(Bloomberg) -- The European Union has no wish to “trap” the U.K. in the so-called backstop, Irish Finance Minister Paschal Donohoe said, as he urged lawmakers in London to back Theresa May’s plan for exiting the bloc.

The need to keep the Republic of Ireland-Northern Ireland border -- long the scene of tense checkpoints and violent protest -- invisible has shaped Brexit talks and led to an impasse over the so-called backstop. The measure could tie Northern Ireland and the rest of the U.K. to EU rules indefinitely, according to many British lawmakers.

Why Ireland’s Border Commands Its Own Brexit Backstop: QuickTake

The backstop is “an insurance policy that would only be used if we are unable to agree a sufficiently ambitious future relationship between the EU and the U.K. that would remove any need for it,” Donohoe said in a speech at Bloomberg’s European headquarters in London on Friday.

“If it is triggered, it would be temporary, until a better solution is found. We have no desire to trap the U.K. indefinitely in the backstop,” he said.

Donohoe said he welcomed a vote by the House of Commons against a no-deal Brexit. However, he said lawmakers needed to set out in concrete terms how they propose to avoid such a scenario from unfolding.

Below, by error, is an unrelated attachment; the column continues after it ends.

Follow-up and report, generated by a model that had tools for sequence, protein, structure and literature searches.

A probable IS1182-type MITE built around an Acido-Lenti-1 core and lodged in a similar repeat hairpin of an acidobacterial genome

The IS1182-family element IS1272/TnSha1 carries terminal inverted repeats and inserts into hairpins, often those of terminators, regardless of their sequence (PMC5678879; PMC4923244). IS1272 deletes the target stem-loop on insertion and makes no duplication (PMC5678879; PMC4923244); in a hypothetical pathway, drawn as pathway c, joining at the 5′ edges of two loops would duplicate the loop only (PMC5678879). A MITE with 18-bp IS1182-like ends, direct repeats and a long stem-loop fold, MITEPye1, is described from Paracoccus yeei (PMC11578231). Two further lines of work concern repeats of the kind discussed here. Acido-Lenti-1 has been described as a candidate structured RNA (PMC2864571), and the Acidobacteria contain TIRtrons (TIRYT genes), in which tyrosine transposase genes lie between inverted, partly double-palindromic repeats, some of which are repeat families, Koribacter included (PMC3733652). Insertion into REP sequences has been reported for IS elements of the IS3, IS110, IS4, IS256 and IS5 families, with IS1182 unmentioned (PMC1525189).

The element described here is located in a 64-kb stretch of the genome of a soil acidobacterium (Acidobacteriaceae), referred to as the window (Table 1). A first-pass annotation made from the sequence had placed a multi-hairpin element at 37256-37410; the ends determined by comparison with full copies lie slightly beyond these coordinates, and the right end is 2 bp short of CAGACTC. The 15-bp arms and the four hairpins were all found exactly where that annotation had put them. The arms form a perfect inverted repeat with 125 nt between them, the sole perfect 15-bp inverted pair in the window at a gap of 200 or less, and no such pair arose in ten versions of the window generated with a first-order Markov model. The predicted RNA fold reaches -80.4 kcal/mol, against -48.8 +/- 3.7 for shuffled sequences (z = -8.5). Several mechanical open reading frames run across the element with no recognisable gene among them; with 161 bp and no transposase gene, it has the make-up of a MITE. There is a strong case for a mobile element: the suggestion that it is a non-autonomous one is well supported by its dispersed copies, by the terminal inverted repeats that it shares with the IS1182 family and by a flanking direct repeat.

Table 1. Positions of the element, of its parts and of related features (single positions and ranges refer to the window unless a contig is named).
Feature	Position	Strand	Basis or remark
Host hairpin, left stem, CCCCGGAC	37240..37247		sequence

Parliament has voted to extend the Brexit day deadline, but the crash-out option still remains the legal default, at least for now. The country is due to end 46 years of membership in the bloc on March 29, with the looming threat of economic chaos.

On Thursday, May kept her deal with the EU on life support by winning the backing of British politicians for a delay. She’s now offering a simple choice for members of Parliament: back the deal they’ve emphatically rejected twice and deliver Brexit with a short delay, or risk being trapped in an extension of more than a year, with the terms set by the bloc.

Donohoe said the EU needs to know what an extension will be used for, and highlighted the need to avoid the scenario of rolling cliff-edges. That’s a risk if a short extension were granted but turned out not to be enough. Donohoe said it’s particularly important to avoid that extended uncertainty from a financial and economic stability perspective.

(Adds comments from question and answer session in final two paragraphs.)

--With assistance from David Goodman.

To contact the reporter on this story: Dara Doyle in Dublin at ddoyle1@bloomberg.net

To contact the editors responsible for this story: Vidya Root at vroot@bloomberg.net, Emma Ross-Thomas

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